Martha Argerich Vol. 3 = BEETHOVEN: Piano Sonata No. 7 in D Major, Op. 10, No. 3; SCHUMANN: Kinderszenen, Op. 15; Toccata in C Major, Op. 7; LISZT: Hungarian Rhapsody No. 6 in D-flat Major; PROKOFIEV: Piano Concerto No. 3 in C Major, Op. 26 – Martha Argerich, p./ Cologne Radio Sym. Orch./ Carl Melles – Doremi DHR-8030, 77:00 [Distr. by Allegro] *****:
The youthful Martha Argerich (b. 1941), already the spectacular firebrand of the keyboard, makes her presence known in recitals 1957-1965 from Cologne and Bolzano in music for which she has always displayed large sympathies. She engages (Cologne, 8 September 1960) the last of the Beethoven Op. 10 sonatas, that in D Major (1798), which had provided for the composer – new to Vienna – a healthy vehicle for his expressive powers. Much in the manner of another titan, Sviatoslav Richter, she embraces the dynamism of the opening Presto, which tests the keyboard of Beethoven’s day by reaching upwards to a high F-sharp and downward to a low G that only the modern instrument allows. The heart of the sonata, its Largo e mesto, represents even for Beethoven a new anguish, to which Argerich devotes expansive contemplation. Almost as startling, her approach to the Menuetto belies whatever dance character it may contain and opts for an impelled demon. The last movement Rondo exploits a three-note motif that might parody a similar figure in mid-second movement. Argerich makes quick work of this Allegro, which she tosses off in the manner of a brilliant improvisation, touched by a note of equivocal mirth.
The long-familiar Schumann 1838 Kinderszenen from the same Cologne recital certainly advances our concept of “children’s scenes” to mean an adult’s full appreciation for a past childhood, perhaps “Paradise Lost.” Argerich etches each of the character pieces, inflecting them with a pathos that can easily move to a bravura sense of digital elation, especially when Schumann insists on his Florestan’s D Major. The ‘martial’ aspects of the piece, like the “Important Event” in A Major – surrounded as they are by fairy dust – retain that sense of “transport” so essential to Schumann and his “nostalgia for the dream,” revealed in the No. 7 Traeumerei in A Major. Eusebius has his moments, too, often in E Minor repose, the Child Falling Asleep a hypnotic case in point. The tiger’s catch on this disc, the 1832 Schumann C Major Toccata, has eluded prior transfers to disc, although collectors have hoarded the Argerich performances from Edinburgh and Buenos Aires. The potent dazzler exploits Bach, certainly, but with a grand sweep and exhibitionist revel of broken chords and whirling figures from which a melody arises almost in spite of the emotional eddies that surround it. Argerich generates a compulsive thrust into the chords that rivals Horowitz and Cziffra for sheer clarity and ferocity of execution.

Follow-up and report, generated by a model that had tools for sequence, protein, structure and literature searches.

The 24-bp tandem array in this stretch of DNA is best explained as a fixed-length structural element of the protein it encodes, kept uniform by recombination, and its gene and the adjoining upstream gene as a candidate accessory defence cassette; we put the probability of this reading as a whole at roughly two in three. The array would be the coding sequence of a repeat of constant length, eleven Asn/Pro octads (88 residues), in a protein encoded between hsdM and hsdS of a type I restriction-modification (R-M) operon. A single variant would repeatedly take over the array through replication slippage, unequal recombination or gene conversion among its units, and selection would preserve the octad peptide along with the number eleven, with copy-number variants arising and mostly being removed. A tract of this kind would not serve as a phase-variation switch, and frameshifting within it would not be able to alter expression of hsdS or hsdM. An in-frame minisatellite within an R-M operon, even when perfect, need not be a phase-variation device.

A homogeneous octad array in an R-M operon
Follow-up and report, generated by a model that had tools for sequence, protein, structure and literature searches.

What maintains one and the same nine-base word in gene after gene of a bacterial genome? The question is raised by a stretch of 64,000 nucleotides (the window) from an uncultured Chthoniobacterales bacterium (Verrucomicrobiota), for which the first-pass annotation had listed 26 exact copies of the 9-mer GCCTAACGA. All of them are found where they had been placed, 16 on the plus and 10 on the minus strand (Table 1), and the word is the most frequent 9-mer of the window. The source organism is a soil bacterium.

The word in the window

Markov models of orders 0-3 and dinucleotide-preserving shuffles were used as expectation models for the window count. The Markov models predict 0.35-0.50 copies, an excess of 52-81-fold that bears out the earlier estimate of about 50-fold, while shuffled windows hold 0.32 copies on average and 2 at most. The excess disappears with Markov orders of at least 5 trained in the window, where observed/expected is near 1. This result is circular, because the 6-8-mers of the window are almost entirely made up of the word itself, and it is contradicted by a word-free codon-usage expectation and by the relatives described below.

The Liszt 1847 D-flat Major Hungarian Rhapsody performance (Bolzano, September 1957) from the sixteen-year-old Argerich dates from her winning the Busoni Competition. Those who own the DGG “debut” recital will compare this fiendish version of Liszt quite favorably, perhaps even prefer it. It projects clean delicacy of line bolstered by a glistening keyboard patina and firm grasp of the Hungarian ethos. The cumulative momentum proves absolutely shattering, a rival for my own favorites from Janis and Cziffra.
For the Prokofiev C Major Concerto – made famous in the collaboration between Argerich and Abbado for DGG – Argerich joins the less familiar Carl Melles (1926-2004), an Austrian conductor associated with Salzburg and Bayreuth. From Cologne 10 December 1965 we hear a tigress who had already won the Chopin Competition in Warsaw, exulting in the quick tempos and pulverizing staccatos that had made the composer such a bête noire in his own touring days. A suave lightness of touch no less contributes to the brisk irony of the occasion, those intimations of updated Haydn, now informed by canny and percussive orchestral effects. The angular lyricism of the piece, too, has a suave exponent in Argerich, who can shape a cantabile line as well as those other Prokofiev acolytes: Janis, Mitropoulos, Kapell, Bolet, and Bachauer. The coda to the first movement Allegro sets a toccata pace as a law unto itself. No less rhapsodically volatile, the Tema con variazioni moves to the final Allegro, where passionate sweep collides with digital demonism of the first order. Wonderful woodwind work complements the Argerich glissandos and pearly parlando statements of the lulling theme that will soon explode into a last ritornello and coda that becomes Prometheus Unbound – listen for yourself!
An important reissue, this Doremi Argerich release, for Argerich devotees and collectors of fine pianism alike.